Company changes way government shops CyberSystem runs IntraMall, leads new procurement effort


March 01, 1998|By Mark Ribbing | Mark Ribbing,SUN STAFF

CyberSystem Technologies Inc. is trying to change the way the federal government does business -- literally.

This Hunt Valley firm, which was founded in 1996 and has about 20 employees, is on the leading edge of an important trend, the automation of federal procurement.

CyberSystem operates the IntraMall, a private electronic commerce network. The National Institutes of Health has begun using the IntraMall to put researchers directly in touch with vendors of beakers, chemicals and other equipment. A procurement process that once absorbed weeks of time and reams of paper is now handled instantly with the tap of a key and the swipe of a credit card.

The project is still in its infancy. After a five-month pilot program, the NIH's biggest division, the National Cancer Institute, made the IntraMall available to all credit card-holding employees in January.

No one is claiming that the IntraMall will by itself bring instant

order to the sprawling, unwieldy, $200 billion federal procurement process. However, officials at the Bethesda-based NIH are already convinced that the network will save their agency time and money.

MaryAnn Guerra, the NCI's associate director for intramural management and a leader in the NIH's IntraMall effort, said the network will be an important procurement tool. "We probably don't have enough users to say this has solved all of our problems, but we think that it will. Everyone who sees it wants it," she said.

Ruth Arnold, a senior purchasing agent at NCI, concurred.

"I'm not placing phone calls to vendors. It's all automated. I want to see this expand. I think it's the wave of the future," she said.

Chris Gwynn, a senior analyst at The Yankee Group in Boston, said electronic procurement has important advantages over traditional methods.

"It makes the whole process a lot more efficient," he said. "Sometimes processing costs can exceed the cost of the item they're actually buying. It's a huge area of savings."

Estimating the savings that IntraMall will bring is a dicey business, since observers disagree on procurement costs. The Yankee Group's Gwynn said the paperwork and personnel costs of traditional procurement amount to $125 per purchase, while electronic commerce cuts those expenses to $10 per buy.

That estimate, said Jeffrey Weiner, who is managing the IntraMall for NCI, seems exaggerated. But, he added, "We think it's going to save a lot of money."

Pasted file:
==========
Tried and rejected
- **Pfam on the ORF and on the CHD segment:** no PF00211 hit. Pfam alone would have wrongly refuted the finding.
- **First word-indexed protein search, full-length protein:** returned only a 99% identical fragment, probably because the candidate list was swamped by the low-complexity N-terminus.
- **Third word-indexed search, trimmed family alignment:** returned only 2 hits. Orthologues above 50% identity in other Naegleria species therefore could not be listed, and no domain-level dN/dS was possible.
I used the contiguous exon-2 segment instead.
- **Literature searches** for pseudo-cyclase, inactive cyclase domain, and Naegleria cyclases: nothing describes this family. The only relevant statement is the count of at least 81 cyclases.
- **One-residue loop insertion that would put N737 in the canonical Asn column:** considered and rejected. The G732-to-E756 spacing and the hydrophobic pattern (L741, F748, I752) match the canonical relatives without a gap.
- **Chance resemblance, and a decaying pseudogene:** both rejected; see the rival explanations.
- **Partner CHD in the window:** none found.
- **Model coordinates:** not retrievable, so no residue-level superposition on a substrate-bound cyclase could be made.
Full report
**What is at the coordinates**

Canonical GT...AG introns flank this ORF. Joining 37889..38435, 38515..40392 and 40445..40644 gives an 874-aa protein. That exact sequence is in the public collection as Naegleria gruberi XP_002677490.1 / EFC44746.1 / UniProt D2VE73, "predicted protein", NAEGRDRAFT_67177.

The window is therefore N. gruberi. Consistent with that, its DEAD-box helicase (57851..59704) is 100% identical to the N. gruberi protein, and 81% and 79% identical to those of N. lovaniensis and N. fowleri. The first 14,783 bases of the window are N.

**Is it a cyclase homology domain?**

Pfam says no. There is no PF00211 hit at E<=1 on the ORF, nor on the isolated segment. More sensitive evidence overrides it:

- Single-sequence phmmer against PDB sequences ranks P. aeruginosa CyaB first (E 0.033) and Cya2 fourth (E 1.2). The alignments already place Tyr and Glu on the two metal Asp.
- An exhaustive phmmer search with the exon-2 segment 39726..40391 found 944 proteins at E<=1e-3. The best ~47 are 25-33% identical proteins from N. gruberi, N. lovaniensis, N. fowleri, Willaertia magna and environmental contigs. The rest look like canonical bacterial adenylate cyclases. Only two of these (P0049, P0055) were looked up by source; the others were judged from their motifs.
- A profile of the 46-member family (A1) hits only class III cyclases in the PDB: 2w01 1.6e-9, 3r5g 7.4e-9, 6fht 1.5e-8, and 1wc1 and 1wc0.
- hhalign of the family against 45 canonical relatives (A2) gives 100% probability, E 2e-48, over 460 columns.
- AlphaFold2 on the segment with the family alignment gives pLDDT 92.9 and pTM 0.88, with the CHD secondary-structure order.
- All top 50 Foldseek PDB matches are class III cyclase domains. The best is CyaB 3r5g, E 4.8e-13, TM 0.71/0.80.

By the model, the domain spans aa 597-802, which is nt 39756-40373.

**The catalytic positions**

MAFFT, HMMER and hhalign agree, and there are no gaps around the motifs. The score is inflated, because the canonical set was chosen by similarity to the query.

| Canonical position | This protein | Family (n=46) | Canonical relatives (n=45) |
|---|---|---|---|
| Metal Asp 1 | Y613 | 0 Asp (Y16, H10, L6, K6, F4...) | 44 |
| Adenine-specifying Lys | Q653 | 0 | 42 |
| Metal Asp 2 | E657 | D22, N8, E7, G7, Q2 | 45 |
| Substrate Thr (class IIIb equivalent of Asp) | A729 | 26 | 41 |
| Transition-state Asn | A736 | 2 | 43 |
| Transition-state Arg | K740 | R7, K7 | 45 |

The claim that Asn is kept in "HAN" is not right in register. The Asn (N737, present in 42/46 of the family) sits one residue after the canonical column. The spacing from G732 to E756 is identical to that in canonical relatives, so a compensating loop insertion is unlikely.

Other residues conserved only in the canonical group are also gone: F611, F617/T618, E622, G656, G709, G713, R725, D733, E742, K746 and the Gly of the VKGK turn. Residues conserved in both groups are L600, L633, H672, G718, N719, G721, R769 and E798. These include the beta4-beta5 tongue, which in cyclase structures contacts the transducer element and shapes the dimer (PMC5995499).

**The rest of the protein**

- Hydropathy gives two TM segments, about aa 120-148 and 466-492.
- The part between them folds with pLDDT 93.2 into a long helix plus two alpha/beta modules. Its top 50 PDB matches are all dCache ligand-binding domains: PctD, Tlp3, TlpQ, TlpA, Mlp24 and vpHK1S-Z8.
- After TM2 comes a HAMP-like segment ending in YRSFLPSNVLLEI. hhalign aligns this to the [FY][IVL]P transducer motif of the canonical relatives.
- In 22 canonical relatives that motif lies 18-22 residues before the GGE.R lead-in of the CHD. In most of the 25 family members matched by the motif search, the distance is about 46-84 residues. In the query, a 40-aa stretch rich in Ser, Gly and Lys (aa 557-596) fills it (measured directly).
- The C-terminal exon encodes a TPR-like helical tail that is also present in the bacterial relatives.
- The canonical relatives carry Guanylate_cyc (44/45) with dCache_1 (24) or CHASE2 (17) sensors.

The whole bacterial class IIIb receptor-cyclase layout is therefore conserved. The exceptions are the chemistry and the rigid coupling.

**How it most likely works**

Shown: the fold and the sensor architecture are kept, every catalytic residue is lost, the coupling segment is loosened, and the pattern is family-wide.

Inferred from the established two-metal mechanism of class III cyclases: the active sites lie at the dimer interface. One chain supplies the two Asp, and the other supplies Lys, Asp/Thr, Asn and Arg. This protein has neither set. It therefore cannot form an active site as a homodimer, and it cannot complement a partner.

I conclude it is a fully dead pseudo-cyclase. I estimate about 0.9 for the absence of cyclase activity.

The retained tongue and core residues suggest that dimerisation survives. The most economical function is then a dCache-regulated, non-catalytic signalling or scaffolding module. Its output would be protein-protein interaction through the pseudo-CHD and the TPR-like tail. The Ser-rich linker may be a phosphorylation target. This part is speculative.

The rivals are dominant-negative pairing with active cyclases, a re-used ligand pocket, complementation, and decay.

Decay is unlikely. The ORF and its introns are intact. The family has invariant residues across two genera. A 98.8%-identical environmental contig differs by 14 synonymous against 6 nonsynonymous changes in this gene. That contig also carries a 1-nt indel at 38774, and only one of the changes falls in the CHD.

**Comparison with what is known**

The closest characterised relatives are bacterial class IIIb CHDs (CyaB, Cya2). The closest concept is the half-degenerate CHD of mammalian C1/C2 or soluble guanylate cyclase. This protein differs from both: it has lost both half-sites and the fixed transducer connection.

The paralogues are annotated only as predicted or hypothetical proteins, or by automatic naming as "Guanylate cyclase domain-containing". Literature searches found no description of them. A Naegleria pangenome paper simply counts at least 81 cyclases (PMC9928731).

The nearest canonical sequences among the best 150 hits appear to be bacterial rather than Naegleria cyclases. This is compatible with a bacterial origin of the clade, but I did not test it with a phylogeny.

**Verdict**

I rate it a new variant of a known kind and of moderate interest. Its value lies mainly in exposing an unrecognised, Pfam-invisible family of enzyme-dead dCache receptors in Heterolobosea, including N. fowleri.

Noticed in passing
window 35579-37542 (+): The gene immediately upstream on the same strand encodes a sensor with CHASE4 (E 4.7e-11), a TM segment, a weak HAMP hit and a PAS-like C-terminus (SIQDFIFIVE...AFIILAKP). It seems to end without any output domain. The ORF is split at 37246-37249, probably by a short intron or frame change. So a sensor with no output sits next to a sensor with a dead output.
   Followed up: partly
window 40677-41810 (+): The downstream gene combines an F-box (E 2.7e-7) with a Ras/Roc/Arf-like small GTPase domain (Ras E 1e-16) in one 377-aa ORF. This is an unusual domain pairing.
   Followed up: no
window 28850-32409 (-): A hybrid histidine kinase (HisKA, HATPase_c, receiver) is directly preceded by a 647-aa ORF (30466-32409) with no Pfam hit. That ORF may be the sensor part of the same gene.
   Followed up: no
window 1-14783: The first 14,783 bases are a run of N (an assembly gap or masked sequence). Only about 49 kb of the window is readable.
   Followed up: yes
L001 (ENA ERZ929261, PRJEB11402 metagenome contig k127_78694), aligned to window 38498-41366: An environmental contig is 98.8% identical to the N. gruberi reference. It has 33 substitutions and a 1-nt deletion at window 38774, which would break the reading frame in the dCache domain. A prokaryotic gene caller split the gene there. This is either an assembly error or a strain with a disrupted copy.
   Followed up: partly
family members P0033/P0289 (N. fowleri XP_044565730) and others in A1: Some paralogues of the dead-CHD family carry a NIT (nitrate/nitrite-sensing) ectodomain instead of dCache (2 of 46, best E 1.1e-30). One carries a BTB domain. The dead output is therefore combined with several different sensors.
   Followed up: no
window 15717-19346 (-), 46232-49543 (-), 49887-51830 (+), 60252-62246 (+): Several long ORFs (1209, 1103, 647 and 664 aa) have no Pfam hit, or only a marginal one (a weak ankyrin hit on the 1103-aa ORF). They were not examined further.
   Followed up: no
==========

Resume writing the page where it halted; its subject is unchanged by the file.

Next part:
Not all of the benefits are financial. Buying over a network spares purchasers from having to keep lots of chunky, quickly outdated catalogs. Vendors can get paid within days instead of months. Paper purchase orders are eliminated, and the buyer gets one monthly invoice -- the credit-card bill -- rather than thousands.

The IntraMall's proponents say the network avoids the security problems that have plagued some Internet transactions. For starters, the IntraMall is not part of the Internet. Rather, it is an intranet -- a private computer network with tightly controlled access.

This enhanced security is perhaps the most important factor in the growth of the IntraMall -- and of CyberSystem.

The IntraMall has its roots in recent political history. For over a decade, the movement to simplify the procurement labyrinth has gained momentum in Congress and the White House. Lawmakers have called on federal agencies to behave more like private businesses in their buying practices, and the streamlining of procurement has been a key plank of Vice President Al Gore's "re-inventing government" crusade.

Reformers have sought to increase the government's use of credit cards, claiming that plastic will reduce paperwork and shorten payment cycles.

Company credit cards, long a mainstay of the private sector, have only begun to proliferate at the NIH. Monthly credit-card purchases at the agency doubled from $2 million in 1996 to $4 million in 1997. In 1995, the entire NIH had only 29 agency-issued credit cards. In 1997, there were 841.

However, the NIH lacked a way to ensure that credit-card purchases were simple and secure. "You want some checks and balances to know that people aren't buying a car or whatever," said Guerra.

Enter the upstart from Hunt Valley. "We needed an easier way to use [credit cards], and along comes the IntraMall," said Weiner.

CyberSystem produces the IntraMall through a special operating agreement with the NIH. Under the terms of the agreement, the NIH will help CyberSystem market the IntraMall, but does not pay anything to use it.

This raises a question: How does CyberSystem make money?

Brian Stauffer, CyberSystem's founder and president, said the firm earns revenue from the IntraMall in three different ways.

First, the company leases "space" on the mall to vendors. Second, it charges vendors a $1.95 flat fee for each transaction. Finally, the company will try to mine the mountain of raw data it gets on IntraMall commerce.

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